Atienza argues it’s time to end the 17-year war in Afghanistan, the longest war the United States has waged in its history. Wikimedia | Creative Commons

Elias Atienza is a history junior and Mustang News opinion editor. The views expressed in this column do not reflect the viewpoints and editorial coverage of Mustang News.

Afghanistan is known as the graveyard of empires. Its historically isolated culture and topography made it difficult for infamous conquerors like the British, Arabs and the Soviet Union to hold the region. So why have we been there for 17 years? 

When the United States military first went to Afghanistan in 2001, it was because they were hunting down a specific enemy. Osama Bin Laden killed 3,000 Americans and the United States sought justice. But after killing him in 2011, ten years after 9/11, we continued to pour troops and resources despite accomplishing the original goal.

It’s time to acknowledge that we will never win the war in Afghanistan. Senator Rand Paul knows this. President Donald J. Trump used to speak out against the warEven Secretary of State Rex Tillerson said that we may “never win” in a press conference last August. 

The United States will never be able to declare victory in Afghanistan as long as we continue to have the same goal of uniting every single inch, nook and cranny under the Kabul regime. Only 56 percent of the country is under government control, with the rest contested by the Taliban and other insurgent groups. The Taliban is active in 70 percent of the country. This is after 17 years of continuous warfare, from the initial invasion, to the troop surges, to Trump sending 4,000 additional soldiers back into Afghanistan.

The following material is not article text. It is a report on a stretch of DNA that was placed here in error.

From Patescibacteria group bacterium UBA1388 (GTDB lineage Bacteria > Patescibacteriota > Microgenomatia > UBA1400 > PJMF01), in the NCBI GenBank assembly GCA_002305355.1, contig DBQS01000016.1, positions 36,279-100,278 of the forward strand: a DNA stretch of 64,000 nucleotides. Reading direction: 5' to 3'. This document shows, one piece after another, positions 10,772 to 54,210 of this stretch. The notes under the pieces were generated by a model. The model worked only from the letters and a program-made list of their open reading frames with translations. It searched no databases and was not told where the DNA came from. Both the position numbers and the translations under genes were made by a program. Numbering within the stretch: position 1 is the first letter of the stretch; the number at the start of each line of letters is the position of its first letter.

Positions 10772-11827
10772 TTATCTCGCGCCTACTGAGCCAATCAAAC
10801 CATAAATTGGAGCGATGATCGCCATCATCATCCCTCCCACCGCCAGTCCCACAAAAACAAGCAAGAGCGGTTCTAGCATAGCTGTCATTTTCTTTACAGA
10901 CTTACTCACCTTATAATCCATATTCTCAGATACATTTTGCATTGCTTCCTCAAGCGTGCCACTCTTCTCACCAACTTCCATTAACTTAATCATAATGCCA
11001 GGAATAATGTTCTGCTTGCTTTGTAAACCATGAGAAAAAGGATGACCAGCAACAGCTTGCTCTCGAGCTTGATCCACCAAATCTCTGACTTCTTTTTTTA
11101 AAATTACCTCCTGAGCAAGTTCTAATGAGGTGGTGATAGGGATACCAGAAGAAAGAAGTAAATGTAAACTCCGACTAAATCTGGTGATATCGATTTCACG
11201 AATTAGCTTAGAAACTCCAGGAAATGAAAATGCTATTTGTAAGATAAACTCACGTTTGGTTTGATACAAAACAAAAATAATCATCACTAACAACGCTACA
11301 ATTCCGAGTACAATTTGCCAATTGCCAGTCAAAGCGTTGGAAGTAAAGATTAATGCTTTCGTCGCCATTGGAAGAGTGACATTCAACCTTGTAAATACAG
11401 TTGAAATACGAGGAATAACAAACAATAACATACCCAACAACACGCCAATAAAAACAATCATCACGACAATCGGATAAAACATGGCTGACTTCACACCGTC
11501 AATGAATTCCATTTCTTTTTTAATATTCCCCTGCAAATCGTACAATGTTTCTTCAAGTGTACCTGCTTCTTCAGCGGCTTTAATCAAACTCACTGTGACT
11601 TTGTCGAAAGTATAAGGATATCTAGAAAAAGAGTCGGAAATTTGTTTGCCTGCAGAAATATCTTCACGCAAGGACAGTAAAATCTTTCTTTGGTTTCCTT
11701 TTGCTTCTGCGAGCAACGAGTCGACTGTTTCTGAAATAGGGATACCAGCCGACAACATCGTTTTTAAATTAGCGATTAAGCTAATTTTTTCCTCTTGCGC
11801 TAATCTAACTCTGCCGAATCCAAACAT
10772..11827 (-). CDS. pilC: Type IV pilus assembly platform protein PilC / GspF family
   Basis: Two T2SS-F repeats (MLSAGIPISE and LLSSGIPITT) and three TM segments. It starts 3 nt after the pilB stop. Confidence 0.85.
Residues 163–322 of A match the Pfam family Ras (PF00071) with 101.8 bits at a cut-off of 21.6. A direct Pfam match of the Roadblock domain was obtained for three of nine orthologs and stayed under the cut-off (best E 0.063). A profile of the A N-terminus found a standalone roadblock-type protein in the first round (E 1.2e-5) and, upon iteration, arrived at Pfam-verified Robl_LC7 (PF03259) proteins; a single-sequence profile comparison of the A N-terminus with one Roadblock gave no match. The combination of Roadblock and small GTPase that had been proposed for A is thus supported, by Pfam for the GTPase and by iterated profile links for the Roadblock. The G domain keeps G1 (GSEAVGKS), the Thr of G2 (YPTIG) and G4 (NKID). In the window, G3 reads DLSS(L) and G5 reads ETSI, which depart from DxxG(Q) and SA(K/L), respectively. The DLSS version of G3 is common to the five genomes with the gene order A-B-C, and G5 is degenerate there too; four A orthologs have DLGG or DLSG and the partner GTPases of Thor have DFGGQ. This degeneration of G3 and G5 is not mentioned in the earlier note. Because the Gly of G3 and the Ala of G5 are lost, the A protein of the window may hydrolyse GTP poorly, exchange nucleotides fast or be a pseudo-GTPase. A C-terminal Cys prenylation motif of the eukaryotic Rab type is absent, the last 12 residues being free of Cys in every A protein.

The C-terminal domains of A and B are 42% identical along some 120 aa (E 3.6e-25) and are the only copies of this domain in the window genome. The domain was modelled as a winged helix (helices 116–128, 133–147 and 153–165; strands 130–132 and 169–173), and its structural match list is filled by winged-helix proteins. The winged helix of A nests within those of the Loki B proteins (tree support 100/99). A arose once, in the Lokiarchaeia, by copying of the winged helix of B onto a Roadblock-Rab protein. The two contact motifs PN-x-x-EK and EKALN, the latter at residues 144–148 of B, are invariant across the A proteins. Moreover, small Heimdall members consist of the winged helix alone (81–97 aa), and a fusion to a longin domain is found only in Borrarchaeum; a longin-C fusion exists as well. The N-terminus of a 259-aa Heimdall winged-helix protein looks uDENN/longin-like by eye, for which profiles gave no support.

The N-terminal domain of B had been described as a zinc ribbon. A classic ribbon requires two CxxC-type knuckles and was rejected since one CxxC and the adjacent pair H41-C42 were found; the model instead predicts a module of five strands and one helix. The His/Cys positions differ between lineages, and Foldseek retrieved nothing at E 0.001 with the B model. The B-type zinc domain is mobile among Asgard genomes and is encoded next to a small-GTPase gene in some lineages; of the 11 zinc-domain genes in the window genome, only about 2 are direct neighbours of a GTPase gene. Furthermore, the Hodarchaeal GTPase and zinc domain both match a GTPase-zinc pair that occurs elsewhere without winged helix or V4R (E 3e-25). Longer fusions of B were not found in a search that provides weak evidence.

Neoconservatives want to continue this war until Afghanistan magically falls into the hands of the national government. They believe that unconditional surrender will come from a faction that has not been destroyed in 17 years of fighting. This is not World War II. It is the modern age. 

Senator Paul wrote for Fox News, “If victory requires the disparate tribes and regional factions of Afghanistan to have more allegiance to a regime in Kabul than to their local tribal leaders, then victory will never come.”

We have spent at least $1 trillion on this war since it began in 2001. That $1 trillion figure does not begin to take into account the cost the war has had on the psyche and society of both America and Afghanistan.

The United States does not have a clear strategy for finishing this war. Like Vietnam, we are expected to continue to bleed for a regime that is corrupt and unstable. While the Taliban may never win, neither will we or the Afghan national government. It will continue to be a stalemate that will kill thousands on both sides for decades to come. 

This is a war without end. It is a war that will continue to damage our people, assets and reputation across the world. Afghanistan is the graveyard of thousands of Americans, tens of thousands of Afghans and it’s where our empire went to die. It’s time to settle with the Taliban and other insurgent groups and bring our soldiers back home.

Maybe then we can throw that military parade the President wants.

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